The issues for them are how credible will they be in ‘channel planning’ when they make their money out of implementation, buying classic media? Will clients pay properly for this service or expect it to be bundled up with the buying? Will they end up in internecine warfare with creative agencies, often their sister companies in the same group, for what is often seen as the strategic high ground?

Do you believe that consultancies such as yours, rather than traditional media agencies, are what is needed to guide advertisers in this new fragmented media world, where consumers are choosing where, when, what, and how they want to consume media?

There is a philosophical difference – I believe that communications planning, which definitely includes channel planning, works best if integrated with brand strategy. My offer is a horizontal, joined-up consultancy service. The media agencies think communications planning should be integrated with media buying.

We can debate it as much as we like, but our arrival means that the client now has a choice, so I am happy to let the market decide.

When you established CIA in 1976, media had a secondary role in the communications process, and even after all the full-service agencies scurried to establish their own media-only brands, buying clout relegated media to the status of a commodity. In many ways this is still true, despite much talk of the ‘new creativity’ in media. Do you agree?

The status of the media function has changed hugely in the agency world: That battle has been won. The fact that, in many countries, media specialists are paid more than account handlers proves the point in a pretty basic manner. Clients also give media far more attention.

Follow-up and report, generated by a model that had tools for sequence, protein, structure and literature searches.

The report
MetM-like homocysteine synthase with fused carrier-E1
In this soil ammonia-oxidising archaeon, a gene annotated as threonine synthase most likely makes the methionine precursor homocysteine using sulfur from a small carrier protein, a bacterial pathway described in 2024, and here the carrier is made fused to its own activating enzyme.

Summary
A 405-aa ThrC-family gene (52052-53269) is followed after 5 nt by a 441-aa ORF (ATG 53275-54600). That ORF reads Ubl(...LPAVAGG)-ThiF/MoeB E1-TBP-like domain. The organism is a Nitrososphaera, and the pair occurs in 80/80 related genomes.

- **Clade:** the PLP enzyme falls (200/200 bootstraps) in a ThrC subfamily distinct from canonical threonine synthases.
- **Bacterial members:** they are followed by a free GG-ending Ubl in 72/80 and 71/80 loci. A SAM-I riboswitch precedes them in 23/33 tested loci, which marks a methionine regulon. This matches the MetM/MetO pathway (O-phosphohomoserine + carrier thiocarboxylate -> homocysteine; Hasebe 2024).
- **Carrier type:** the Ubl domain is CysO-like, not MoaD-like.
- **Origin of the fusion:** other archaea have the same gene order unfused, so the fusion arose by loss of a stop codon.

But you are right, the media service has become a bit of a commodity but, often, so has the creative product. Basically our market is over-supplied with agencies: They are not sufficiently differentiated and we hid for much too long behind the commission system, which meant we forgot how to value our services properly. Sad, but true.

Are media-only agencies obsolete?

The more fundamental question is ‘Are the agency groups obsolete?’ In other words, the holding companies that own all the big media agencies.

The agency groups have been a successful financial model and will be for several years. However, many clients regard this model as being broken – big multinational companies on both sides of the pond are saying it. If agencies seriously want to be strategic partners and sit at the top table, then I am convinced the current model will never provide the answer. They are driven by implementation and clients know it. Ad agencies recommend ads, PR agencies PR and so on.

It just isn’t a credible basis for so-called ‘channel-neutral planning.’

What innovations and changes – both technological and social – are having the biggest impact on communications today, and how must media planning and buying change to address them?

Media fragmentation; increasing competition for the consumer’s attention – not just media but all the other growing leisure activities; a big chunk of the population becoming money rich and time poor; and the increasing inability of research to keep up with all these developments.

Attitudinally, things are changing too. This is a big subject, but two examples would be the effect of living with the threat of terrorism – permanently – and the rise of Asia, particularly China.

Therefore, really connecting with prospects is the real challenge, which puts insight and innovation at a premium: Clout is not going to help you a lot in this scenario.

Ingram is the keynote speaker at this year’s CMDC conference, What’s Next – Media Outlets, Outlooks & Outcomes. It takes place on April 13 in Toronto. See www.cmdc.ca for details.